Would you believe that sharing money makes couples happier? According to new research, joint investments promote and likely enhance relationship quality.
The findings, published in the Journal of Family Issues, indicate that non-engaged cohabiters with joint banking have levels of relationship quality similar to engaged cohabiters.
The research, carried out by PhD professors at the University of Iowa, suggests combining financial resources might be a marker of commitment for non-engaged couples.
Navigating a Delicate Subject
Money is such a powerful force in relationships because it symbolizes different things to different people – love, security, power, control, and materialism. Money is also a sensitive subject in general, particularly in a relationship. So when you combine two people who may have different financial views and backgrounds, you’re bound to have some conflict.
Dr. Keli Ryan Steuber, assistant professor at the University of Iowa and co-researcher, says that “joint finances are a complicated relationship that’s not often spoken about, but is a natural progression in a committed relationship.”
According to the research, 59 percent of marriages involved premarital cohabitation – which is considered the primary path to marriage.
Despite these statistics, merging finances prior to or in marriage is a decision all couples will eventually have to face.
“Opening up a dialogue about money is vital. In my practice, money issues are the number one underlying problem that leads to the demise of a marriage. If you’re not willing to talk honestly and openly about your finances, then you’re setting yourself for a very tumultuous or failed relationship,” says Henry S. Gornbein, a family-law attorney in Birmingham, Mich. and divorce blog writer for the Huffington Post.
Building a Solid Financial Foundation
Setting the right financial foundation for your marriage begins with honest, open discussions early in the relationship – ideally before marriage.
Gornbein says taking an honest approach to finances is the best way to start and maintain a healthy fiscal relationship. “Sit down and tell it like it is…be truthful about your income, investments and debts. Many people don’t want to come clean about their money history and habits. Facing economic realities can be very uncomfortable, but it’s a fundamental step in building a strong relationship.”
Merging your finances may sound daunting, but it’s nothing to fear. There are methods couples can implement to reach a successful integration of finances.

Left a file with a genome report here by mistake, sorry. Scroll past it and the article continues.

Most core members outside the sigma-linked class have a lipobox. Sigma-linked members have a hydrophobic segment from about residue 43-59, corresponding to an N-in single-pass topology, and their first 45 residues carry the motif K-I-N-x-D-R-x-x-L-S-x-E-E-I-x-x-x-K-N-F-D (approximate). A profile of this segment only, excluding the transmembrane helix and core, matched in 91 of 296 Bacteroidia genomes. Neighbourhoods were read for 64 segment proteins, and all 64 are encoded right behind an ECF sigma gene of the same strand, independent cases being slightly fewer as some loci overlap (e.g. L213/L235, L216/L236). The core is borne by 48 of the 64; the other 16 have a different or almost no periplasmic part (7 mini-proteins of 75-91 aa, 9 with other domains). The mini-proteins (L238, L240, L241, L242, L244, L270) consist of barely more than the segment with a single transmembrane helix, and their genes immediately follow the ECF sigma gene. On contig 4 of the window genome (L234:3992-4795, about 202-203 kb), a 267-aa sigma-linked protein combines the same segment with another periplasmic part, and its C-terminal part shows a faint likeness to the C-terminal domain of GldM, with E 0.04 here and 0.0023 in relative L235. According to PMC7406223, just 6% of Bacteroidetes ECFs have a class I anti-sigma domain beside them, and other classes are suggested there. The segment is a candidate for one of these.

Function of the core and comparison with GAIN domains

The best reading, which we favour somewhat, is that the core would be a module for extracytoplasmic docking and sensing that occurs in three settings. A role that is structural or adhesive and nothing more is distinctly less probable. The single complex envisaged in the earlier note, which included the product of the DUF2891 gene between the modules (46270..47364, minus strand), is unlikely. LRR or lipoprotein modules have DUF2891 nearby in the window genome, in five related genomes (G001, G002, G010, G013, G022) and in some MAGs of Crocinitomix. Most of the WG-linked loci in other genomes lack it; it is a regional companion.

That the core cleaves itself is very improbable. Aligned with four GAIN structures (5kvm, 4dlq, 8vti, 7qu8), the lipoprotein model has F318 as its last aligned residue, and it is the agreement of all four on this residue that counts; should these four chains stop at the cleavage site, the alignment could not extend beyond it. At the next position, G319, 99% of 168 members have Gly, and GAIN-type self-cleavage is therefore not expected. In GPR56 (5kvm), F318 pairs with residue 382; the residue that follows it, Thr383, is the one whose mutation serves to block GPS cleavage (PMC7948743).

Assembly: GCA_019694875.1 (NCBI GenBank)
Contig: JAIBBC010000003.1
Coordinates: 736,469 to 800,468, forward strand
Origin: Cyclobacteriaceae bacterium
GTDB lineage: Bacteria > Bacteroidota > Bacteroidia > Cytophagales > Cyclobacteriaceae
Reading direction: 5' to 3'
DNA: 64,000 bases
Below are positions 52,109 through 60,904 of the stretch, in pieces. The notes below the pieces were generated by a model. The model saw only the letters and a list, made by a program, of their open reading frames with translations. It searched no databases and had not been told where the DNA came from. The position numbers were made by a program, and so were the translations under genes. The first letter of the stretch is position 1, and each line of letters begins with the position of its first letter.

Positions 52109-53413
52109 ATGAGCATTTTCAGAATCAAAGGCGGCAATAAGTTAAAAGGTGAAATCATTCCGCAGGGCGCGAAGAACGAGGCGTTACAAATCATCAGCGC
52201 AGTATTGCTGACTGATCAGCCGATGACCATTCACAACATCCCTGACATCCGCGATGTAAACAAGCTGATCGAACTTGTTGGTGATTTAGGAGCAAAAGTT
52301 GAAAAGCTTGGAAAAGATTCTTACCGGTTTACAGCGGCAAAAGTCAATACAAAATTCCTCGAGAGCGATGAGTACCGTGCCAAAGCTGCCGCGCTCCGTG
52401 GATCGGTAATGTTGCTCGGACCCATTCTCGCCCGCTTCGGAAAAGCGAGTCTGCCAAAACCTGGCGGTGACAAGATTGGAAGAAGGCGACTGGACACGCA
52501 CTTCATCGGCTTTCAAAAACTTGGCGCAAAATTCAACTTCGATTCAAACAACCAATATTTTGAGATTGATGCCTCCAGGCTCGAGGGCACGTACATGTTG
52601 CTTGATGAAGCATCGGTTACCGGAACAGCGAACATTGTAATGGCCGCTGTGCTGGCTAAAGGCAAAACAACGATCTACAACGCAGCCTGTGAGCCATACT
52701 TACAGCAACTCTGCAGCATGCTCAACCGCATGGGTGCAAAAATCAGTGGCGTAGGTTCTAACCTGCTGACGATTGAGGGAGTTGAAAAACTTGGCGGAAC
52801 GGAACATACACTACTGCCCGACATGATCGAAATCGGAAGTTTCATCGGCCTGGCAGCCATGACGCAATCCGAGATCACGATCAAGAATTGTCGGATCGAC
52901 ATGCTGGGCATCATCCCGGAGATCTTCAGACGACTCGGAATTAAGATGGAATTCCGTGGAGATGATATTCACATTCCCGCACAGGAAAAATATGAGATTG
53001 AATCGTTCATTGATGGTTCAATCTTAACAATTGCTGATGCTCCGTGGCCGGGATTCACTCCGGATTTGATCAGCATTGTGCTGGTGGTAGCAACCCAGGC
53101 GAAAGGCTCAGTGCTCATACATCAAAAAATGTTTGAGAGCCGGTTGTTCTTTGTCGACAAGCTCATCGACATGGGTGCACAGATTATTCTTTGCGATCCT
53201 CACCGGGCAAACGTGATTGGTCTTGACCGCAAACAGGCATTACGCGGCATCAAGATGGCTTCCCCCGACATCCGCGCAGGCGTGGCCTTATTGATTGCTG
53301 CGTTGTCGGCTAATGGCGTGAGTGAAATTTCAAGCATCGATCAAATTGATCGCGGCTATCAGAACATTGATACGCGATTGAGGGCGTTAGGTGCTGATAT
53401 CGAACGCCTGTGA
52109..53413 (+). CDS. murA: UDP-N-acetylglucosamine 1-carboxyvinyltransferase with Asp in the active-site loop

Discuss financial goals
It can be helpful to think about what goals you want to accomplish financially as a couple. Identify both short and long-term goals. Short-term goals might include paying off debts, increase savings, or saving for a dream vacation. Longer term goals could be buying a home, starting a family and saving enough money for a secure retirement. TheSimpleDollar.com suggests focusing in on goals you both deeply share – and identify those by coming up with your own list of goals – then share and compare them.
Create a budget
By creating a budget together, you are establishing how much money you have to spend and save. Start by determining household needs: rent/mortgage, groceries, utilities, car payments, debt payments and insurance premiums. These are recurring obligations and are usually the easiest to budget. Once you have determined your household needs, you can begin budgeting for individual needs: dining out, clothes and other personal items. Carol Pepper, CEO of Pepper International, a wealth management organization, says “if you’re willing to start budgeting together and really do it as a team – and have a ‘his money, her money, our money approach’ – then you’re going to be able to avoid money fights.”
Mingling your money
One size does not fit all when it comes to money management. Some couples may prefer pooling all funds, for both convenience and ease, while many couples want to retain their separate financial identities. Some couples may feel a combination of both is the perfect financial fit. Couples should examine both the benefits and drawbacks of joint and separate bank accounts. DailyFinance.com proposes a “Three-Pot System” where couples have a single joint account, from which three sub-accounts emerge: an account for 401(k)-type savings, a discretionary spending account and a programmed savings account for long-term goals.
Whatever your financial goals, working towards them together promotes a sense of teamwork in a relationship.
Gornbein advocates laying everything out on the table. “Tell the truth – share the good, bad and ugly. It’s like building a house – you want a strong foundation. Finances are an important part of building a strong foundation in every relationship and in life – how we live, what we have, what we save and what our future is – communication on all levels is critical.”
“Finances are a huge part of people’s lives and conflict in relationships. It has the potential to cause stress, but if communicated about productively, it can actually align with a sense of commitment that can enhance a relationship,” says Steuber.